In the sequel, we adopt a covariant approach of the heat equation. For this, let us consider a map from a co-ordinate system {*x*′, *y*′} to the co-ordinate system {*x*, *y*} given by the transformation characterized by *x*(*x*′, *y*′) and *y*(*x*′, *y*′). Note that it is the transformed domain and co-ordinate system that are mapped onto the initial domain with Cartesian coordinates, and not the opposite. This change of co-ordinates is characterized by the transformation of the differentials through the Jacobian:

The only thing to do in the transformed coordinates is to replace the materials (often homogeneous and isotropic) by equivalent ones that are inhomogeneous (their thermal characteristics are no longer piecewise constant but merely depend on *x*′, *y*′ co-ordinates) and anisotropic ones (tensorial nature) whose properties are given by a new conductivity in Eq. (1) [7]

**T**=

**J**

^{T}**J**/det(

**J**) is a representation of the metric tensor, which is associated with a distorted mesh, see Fig. 1(d) for the case of a rotator. Moreover, the product of density by heat capacity in the left hand side of Eq. (1) is now multiplied by the determinant of the Jacobian matrix

**J**of the transformation.

The associated time-dependent transformed heat equation takes the form [7]:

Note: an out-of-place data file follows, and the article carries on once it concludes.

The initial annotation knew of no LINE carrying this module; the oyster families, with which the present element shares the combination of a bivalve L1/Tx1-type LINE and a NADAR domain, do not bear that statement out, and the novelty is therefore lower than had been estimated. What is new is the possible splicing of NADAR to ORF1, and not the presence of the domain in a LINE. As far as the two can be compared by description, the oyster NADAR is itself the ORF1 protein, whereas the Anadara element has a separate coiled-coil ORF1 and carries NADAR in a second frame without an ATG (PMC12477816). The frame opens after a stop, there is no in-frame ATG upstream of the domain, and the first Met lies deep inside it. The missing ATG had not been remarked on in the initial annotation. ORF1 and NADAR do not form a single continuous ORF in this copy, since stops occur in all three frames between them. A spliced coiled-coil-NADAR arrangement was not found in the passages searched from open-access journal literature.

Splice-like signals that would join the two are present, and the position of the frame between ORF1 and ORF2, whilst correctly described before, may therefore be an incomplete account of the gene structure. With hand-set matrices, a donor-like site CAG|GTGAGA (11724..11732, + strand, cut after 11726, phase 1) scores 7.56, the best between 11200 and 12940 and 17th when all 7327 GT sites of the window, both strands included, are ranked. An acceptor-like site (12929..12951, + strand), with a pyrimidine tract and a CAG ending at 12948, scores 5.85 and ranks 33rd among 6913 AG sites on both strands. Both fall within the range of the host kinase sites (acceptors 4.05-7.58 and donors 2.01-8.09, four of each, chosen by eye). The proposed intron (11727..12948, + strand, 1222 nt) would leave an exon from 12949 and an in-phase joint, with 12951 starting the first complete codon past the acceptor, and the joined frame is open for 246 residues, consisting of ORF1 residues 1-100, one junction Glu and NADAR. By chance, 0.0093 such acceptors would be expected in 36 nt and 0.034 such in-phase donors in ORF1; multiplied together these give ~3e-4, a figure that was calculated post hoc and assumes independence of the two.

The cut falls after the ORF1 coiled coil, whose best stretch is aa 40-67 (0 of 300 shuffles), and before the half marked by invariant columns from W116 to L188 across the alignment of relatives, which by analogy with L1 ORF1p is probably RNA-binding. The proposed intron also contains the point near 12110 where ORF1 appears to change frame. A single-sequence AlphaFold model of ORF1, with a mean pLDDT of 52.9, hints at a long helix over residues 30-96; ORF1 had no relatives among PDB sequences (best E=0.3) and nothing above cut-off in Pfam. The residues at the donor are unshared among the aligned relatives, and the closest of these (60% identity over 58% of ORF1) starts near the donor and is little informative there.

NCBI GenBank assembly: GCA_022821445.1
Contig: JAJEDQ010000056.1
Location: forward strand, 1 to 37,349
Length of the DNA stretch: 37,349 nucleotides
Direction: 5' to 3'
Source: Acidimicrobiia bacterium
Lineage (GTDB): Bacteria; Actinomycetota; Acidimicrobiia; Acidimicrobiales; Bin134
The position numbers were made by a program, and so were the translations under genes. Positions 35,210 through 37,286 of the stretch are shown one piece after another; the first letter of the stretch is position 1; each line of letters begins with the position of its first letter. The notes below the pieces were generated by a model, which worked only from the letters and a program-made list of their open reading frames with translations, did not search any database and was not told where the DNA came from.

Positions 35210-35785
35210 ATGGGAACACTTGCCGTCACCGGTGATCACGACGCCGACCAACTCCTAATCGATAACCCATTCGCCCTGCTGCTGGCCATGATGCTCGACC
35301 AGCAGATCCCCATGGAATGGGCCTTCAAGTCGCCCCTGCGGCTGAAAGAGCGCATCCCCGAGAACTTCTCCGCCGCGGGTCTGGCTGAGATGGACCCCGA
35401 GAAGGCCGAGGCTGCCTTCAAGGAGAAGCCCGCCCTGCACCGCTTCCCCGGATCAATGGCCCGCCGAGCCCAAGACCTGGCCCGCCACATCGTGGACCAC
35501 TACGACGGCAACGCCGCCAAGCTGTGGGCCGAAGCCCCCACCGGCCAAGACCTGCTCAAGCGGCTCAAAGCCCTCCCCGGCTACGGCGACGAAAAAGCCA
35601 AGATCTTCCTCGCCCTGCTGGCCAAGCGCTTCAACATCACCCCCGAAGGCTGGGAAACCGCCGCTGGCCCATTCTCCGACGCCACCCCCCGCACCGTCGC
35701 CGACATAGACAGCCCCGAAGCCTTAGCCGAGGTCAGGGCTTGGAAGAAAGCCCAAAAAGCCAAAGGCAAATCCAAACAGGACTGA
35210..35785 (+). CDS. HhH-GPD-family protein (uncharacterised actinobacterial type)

**J**) = 1. This greatly simplifies the control of heat fluxes in transient regimes, compared to what was done in [7]. For this, let us now consider the following transform [9]

*r*=

*R*

_{1}through an angle

*θ*

_{0}, and gradually diminishes the rotation angle through the coronna

*R*

_{1}<

*r*<

*R*

_{2}up to a vanishing rotation angle on the outer boundary of the disc

*r*=

*R*

_{2}. The effect on the metric is shown for 2 angles

*θ*

_{0}in Fig. 1(d) and Fig. 2(d).

It remains to compute the transformation matrix **T** associated with this transformation and to express it in the Cartesian co-ordinates (*x*′, *y*′). As a result, we shall obtain the anisotropic conductivity characterizing the thermic metamaterial in the cylindrical rotator defined by the radii *R*_{1} (interior radius) and *R*_{2} (exterior radius). The Jacobian matrix **J**_{xx}_{′} is therefore merely the product of three elementary Jacobians : **J**_{xx}_{′} = **J**_{x}_{θ}**J**_{θθ}_{′}**J**_{θ}_{′}_{x}_{′}, where **J*** _{x}_{θ}* =